Farmall Super A, AV, 1939 - 1954
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8 posts • Page 1 of 1
After sandblasting my '48 SA, I noticed, a few days later, evidence of seepage from the seals and gaskets as well as where the shims are. I plan to replace the seals and gaskets, but my current question is how are the shims sealed? There are no gaskets between them, so what is to keep them from seeping after reassembly?
When I removed the bearing retainer, there were 2 seals...Seal #48954D (as per the parts manual) along with what looks like a felt seal (not shown in the parts manual):
I remember from rebuilding my Cub's PTO, that the new seals were thinner than the original, and sometimes folks just stacked a new one in front of the old one. Is that what has happened here? Should I remove both and install the #48954D (actually a superceded number now)? Is there, indeed, a second felt-type seal that should be there?
Once again, thanks for any input.
Dale I only use one NAPA has them
IN GOD WE TRUST
All others pay cash
Power corrupts; absolute power corrupts absolutely byJohn Emerich Edward Dalberg
Thanks! I am starting a list for my local NAPA store. Plan to get some filters for Bubba (the SA) and Bertha (my Cub) at the April filter sale!
Generally the shims will seal on their own, but if you want to be sure, put a very thin coat of Loc-tite on them as they're being assembled. Be sure to tighten the bolts right away.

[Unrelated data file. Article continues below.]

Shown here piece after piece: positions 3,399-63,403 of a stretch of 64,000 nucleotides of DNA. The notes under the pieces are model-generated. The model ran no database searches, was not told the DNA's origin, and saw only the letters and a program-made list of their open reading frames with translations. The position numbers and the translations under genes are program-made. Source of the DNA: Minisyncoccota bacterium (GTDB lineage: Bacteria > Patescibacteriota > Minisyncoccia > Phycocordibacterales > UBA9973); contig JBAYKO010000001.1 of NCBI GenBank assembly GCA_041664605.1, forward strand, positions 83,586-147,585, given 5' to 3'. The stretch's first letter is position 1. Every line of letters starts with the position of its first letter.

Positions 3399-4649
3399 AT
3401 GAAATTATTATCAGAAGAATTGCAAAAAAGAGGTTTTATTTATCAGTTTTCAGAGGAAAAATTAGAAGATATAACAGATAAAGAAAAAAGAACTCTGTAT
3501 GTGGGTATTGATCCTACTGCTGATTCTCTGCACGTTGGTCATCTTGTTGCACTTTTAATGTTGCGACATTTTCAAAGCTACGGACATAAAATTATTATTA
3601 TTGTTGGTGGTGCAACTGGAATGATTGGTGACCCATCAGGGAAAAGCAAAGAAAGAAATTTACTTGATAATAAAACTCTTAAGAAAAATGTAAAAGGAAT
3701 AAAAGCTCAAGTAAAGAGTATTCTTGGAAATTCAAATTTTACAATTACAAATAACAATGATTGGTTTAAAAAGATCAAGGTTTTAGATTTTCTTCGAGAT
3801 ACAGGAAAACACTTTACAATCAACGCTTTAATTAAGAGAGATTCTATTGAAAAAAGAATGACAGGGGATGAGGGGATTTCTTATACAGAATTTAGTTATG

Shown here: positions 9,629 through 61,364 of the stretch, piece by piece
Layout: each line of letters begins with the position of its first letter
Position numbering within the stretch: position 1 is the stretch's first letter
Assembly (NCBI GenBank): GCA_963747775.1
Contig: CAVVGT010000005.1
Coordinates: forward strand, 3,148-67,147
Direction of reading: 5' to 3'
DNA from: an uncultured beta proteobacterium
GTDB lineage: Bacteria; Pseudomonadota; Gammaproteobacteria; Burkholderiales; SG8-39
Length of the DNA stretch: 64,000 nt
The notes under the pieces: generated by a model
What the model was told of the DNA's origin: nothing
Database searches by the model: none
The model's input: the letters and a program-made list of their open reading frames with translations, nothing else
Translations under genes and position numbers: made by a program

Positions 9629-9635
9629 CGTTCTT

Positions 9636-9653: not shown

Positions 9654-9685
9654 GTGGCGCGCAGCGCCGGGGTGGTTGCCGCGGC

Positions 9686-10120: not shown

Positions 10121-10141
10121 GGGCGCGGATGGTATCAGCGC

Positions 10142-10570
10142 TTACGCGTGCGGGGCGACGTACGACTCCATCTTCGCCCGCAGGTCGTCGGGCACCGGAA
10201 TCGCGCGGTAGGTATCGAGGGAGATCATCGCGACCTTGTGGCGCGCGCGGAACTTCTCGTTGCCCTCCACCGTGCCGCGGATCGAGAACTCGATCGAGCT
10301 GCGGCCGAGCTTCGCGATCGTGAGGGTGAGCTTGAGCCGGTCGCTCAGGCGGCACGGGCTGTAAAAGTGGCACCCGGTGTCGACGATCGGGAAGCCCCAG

Your pictured seal was built to last. The replacement will be flimsy and half of the material. I didn't double up the PTO oil seal on my mowing cub and got about 4 years out of it before it started seeping. Even doubled up, (if there's room), I bet two won't last as long as the original.
And I assume the original types are no longer available? Should I double seal it from the beginning? There is obviously plenty of room.
Dale - doubling up does not have the value that it first appears to. The outer seal will be running dry because the inner seal is working. By the time the inner seal wears enough to leak the outer seal will be worn out from running dry. Just inspect the shaft and make sure your seal is set to a depth where it will run on a smooth section of the shaft.
If you can't fix it with a hammer, you've got an electrical problem.
My wife says I don't listen to her. - - - - - - - - Or something like that!
That certainly makes sense! And while I have your attention, is there a trick to pulling the bearing off the belt pulley housing? The manuals for the SA are quite lacking in details like the cub stuff...bummer. I hate to start with brute force if there is a better way.
ALso, I haven't tried removing the PTO housing yet, but wondered if there is any kind of problem/sequencing pulling it off regarding the shift lever? I know the cub manual said something about keeping the lever either engaged or disengaged (can't remember which).
8 posts • Page 1 of 1
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